in the same manner. Sluijters introduced the doctor to artists of his generation, and Esser soon became a passionate collector of their work, mostly acquiring paintings and drawings directly from artists while visiting their studios in his free time. By doing so, he often acquired works just after they came into existence. He had a penchant for sketches and unfinished works, with the consequence that drawings, watercolours and oil sketches make up an important part of his collection. Sluijters and Esser met each other often in the studio on the Tweede Jan Steenstraat that the artist shared with fellow Luminist Gestel. Esser was fascinated by Sluijters’s paintings and added many to his collection. These paintings included several depictions of areas on the outskirts of Amsterdam, such as De Baarsjes, and this painting is probably one of them. Sluijters started painting these relatively small landscapes after his return to the Netherlands, maybe due to the negative reactions to his exuberant depictions of Parisian nightlife. These landscapes and cityscapes are built up in a combination of direct Pointillist and Impressionist brush-strokes, with Sluijters often laying on the paint thickly to accentuate the touch of the sun on a cloud or the waves in the water. This particular painting is a very good example of Sluijters’s work around 1907. The painting was possibly acquired from the Esser Estate Auction at Mak van Waay, Amsterdam on June 14, 1949. W.B.K. Verster was married to Nora Hazelhoff Roelfzema, sister of Dr. Esser’s first wife Olga Hazelhoff Roelfzema, and he acquired a number of paintings from the Esser Estate Auction. We thank Mayken Jonkman for contributing the above essay. Jonkman is a curator of nineteenth-century art at the RKD—Netherlands Institute for Art History in The Hague. She is co-author (together with the late Sluijters specialist Jacqueline de Raad) of the publication Mondriaan Breitner Sluijters e.a. De onstuitbare verzamelaar J.F.S. Esser (Zwolle / The Hague, 2005). This work is included in the Catalogue Raisonné of Paintings by Jan Sluijters compiled by Jacqueline de Raad (http://sluijters.rkdmonographs. nl), registration: https://rkd.nl/explore/images/102000. Est imat e : $60,000 – 80,000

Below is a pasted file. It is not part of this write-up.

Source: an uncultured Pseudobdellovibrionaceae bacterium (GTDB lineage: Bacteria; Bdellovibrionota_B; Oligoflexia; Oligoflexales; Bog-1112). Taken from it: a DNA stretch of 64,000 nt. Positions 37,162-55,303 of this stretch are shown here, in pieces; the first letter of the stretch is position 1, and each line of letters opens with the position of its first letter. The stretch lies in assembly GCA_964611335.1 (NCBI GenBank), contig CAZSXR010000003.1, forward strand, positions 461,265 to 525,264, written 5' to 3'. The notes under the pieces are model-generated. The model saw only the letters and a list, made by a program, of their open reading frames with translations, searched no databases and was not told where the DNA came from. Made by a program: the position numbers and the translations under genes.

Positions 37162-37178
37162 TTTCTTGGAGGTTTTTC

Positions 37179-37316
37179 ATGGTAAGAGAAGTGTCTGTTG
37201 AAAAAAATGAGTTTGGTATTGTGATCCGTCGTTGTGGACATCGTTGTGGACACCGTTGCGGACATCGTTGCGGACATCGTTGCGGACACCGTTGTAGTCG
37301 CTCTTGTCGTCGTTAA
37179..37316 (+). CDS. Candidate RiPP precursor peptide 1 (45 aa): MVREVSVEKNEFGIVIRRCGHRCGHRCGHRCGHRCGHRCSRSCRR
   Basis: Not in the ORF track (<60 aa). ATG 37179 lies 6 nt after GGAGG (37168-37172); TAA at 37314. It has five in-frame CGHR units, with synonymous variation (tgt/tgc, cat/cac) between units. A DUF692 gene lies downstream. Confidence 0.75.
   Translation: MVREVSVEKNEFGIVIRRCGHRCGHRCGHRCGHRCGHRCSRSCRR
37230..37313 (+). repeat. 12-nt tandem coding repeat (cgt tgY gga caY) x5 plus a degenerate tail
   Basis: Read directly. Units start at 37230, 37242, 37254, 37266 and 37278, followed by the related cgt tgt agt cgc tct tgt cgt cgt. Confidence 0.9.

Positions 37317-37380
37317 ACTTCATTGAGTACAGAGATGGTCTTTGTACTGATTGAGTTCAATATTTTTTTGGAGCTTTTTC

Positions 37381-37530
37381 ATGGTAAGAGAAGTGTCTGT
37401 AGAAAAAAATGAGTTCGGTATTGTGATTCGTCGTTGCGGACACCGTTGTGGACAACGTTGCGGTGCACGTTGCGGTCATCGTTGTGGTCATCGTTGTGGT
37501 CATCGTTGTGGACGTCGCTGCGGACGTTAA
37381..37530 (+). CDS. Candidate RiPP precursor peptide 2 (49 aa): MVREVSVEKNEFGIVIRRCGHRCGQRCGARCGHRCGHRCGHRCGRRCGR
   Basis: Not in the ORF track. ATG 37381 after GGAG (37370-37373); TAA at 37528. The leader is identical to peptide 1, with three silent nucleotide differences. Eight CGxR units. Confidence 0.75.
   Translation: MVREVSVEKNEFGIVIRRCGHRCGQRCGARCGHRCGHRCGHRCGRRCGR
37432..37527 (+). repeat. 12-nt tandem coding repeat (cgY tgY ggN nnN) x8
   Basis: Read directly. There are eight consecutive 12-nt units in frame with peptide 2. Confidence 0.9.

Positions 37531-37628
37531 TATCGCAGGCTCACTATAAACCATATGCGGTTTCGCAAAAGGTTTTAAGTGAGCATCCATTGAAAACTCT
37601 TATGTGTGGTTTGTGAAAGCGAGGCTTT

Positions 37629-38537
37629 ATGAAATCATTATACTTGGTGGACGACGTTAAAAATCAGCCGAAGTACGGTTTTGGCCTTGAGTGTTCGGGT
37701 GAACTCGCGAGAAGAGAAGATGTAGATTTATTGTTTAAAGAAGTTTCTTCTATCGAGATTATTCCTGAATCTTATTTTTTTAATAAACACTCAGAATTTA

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P r o p e r t y o f t h e E s tat e o f L i l i a n e M . S t e w a r t